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Math Help - Defining Big Intersection

  1. #1
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    Defining Big Intersection

    Hi guys.
    I completely understand the definition for the intersection between two or more sets, but this definition just does not make sense.



    If M is a set of sets. For all A which are an element of M, x is an element of A. Isn't that the exact same thing as the union? Am I reading this wrong? I don't see how this definition covers the fact that x HAS to appear in EVERY A. It just states that x is an element of A, not every A.
    Last edited by ShadowKnight8702; December 14th 2013 at 01:58 PM.
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  2. #2
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    Re: Defining Big Intersection

    I hope I dont say anything wrong, but this is my take on it:

    You have a non empty set M. The intersection of M is the set of elements, which are in EVERY set of elements of M. Thats why there is a ∀. You just look specifially at the intersection only and not any other parts of sets. I guess thats what confuses you.
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  3. #3
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    Re: Defining Big Intersection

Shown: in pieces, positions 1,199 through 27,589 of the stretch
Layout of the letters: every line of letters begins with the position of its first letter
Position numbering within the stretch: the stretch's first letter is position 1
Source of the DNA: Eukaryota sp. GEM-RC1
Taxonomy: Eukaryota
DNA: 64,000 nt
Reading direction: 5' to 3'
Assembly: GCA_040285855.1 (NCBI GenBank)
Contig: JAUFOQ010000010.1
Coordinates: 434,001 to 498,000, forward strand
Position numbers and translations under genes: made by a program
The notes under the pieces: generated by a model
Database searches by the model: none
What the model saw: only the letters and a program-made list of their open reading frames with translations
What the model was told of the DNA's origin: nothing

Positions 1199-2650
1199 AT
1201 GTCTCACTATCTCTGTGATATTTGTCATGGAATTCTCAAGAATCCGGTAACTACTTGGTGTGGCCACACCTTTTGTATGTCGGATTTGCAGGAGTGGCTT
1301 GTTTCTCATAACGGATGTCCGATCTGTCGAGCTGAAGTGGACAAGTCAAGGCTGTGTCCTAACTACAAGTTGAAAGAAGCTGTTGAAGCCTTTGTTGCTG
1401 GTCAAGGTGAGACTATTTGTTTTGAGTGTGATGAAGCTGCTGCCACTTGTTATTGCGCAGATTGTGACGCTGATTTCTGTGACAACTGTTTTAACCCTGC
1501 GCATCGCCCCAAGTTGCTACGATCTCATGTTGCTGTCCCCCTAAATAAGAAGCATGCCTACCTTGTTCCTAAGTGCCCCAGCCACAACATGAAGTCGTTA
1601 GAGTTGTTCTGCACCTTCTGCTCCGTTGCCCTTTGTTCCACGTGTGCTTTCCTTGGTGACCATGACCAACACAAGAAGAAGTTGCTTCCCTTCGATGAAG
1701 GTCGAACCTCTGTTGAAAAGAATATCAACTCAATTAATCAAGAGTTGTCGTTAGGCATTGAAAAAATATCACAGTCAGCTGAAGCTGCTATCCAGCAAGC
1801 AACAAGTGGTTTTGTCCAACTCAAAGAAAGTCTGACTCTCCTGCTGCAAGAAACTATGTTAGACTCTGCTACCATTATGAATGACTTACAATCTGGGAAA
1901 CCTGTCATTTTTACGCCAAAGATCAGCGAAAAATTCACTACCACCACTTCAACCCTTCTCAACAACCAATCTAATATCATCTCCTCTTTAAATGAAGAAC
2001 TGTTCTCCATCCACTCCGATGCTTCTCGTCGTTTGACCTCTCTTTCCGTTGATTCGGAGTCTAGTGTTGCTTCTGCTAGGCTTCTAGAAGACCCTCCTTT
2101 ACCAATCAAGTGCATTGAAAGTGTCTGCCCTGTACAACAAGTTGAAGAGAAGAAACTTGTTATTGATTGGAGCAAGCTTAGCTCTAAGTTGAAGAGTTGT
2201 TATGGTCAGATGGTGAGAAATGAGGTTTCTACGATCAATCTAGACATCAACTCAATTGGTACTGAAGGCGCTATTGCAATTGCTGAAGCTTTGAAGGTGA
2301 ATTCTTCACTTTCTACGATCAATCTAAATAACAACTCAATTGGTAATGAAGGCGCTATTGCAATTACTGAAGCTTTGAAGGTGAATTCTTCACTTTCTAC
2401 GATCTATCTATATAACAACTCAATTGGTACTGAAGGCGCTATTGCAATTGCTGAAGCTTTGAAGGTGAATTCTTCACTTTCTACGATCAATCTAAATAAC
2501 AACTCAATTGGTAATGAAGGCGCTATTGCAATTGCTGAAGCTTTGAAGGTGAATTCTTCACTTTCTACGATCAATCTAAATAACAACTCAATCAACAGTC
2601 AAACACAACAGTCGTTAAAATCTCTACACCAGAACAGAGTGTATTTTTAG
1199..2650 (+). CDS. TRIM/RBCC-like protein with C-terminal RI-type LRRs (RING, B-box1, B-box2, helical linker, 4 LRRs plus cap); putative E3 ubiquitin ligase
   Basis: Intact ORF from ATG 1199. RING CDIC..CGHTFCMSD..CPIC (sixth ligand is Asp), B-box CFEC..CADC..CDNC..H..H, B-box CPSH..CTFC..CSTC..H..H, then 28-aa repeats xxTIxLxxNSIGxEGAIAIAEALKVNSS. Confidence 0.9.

Thanks. I was just reading the statement wrong, separating the two properties.
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  4. #4
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    Re: Defining Big Intersection

    Quote Originally Posted by ShadowKnight8702 View Post

    If M is a set of sets. For all A which are an element of M, x is an element of A. Isn't that the exact same thing as the union? Am I reading this wrong? I don't see how this definition covers the fact that x HAS to appear in EVERY A. It just states that x is an element of A, not every A.
    It is far better and preferred to say "if M is a collection of sets".
    \bigcap M  = \left\{ {x : (\forall A \in M)\left[ {x \in A} \right]} \right\} and \bigcup {M = \left\{ x: (\exists A \in M)\left[ {x \in A} \right]} \right\}

    Note in the first it is \forall A \in M but in the second it is \exists A \in M.
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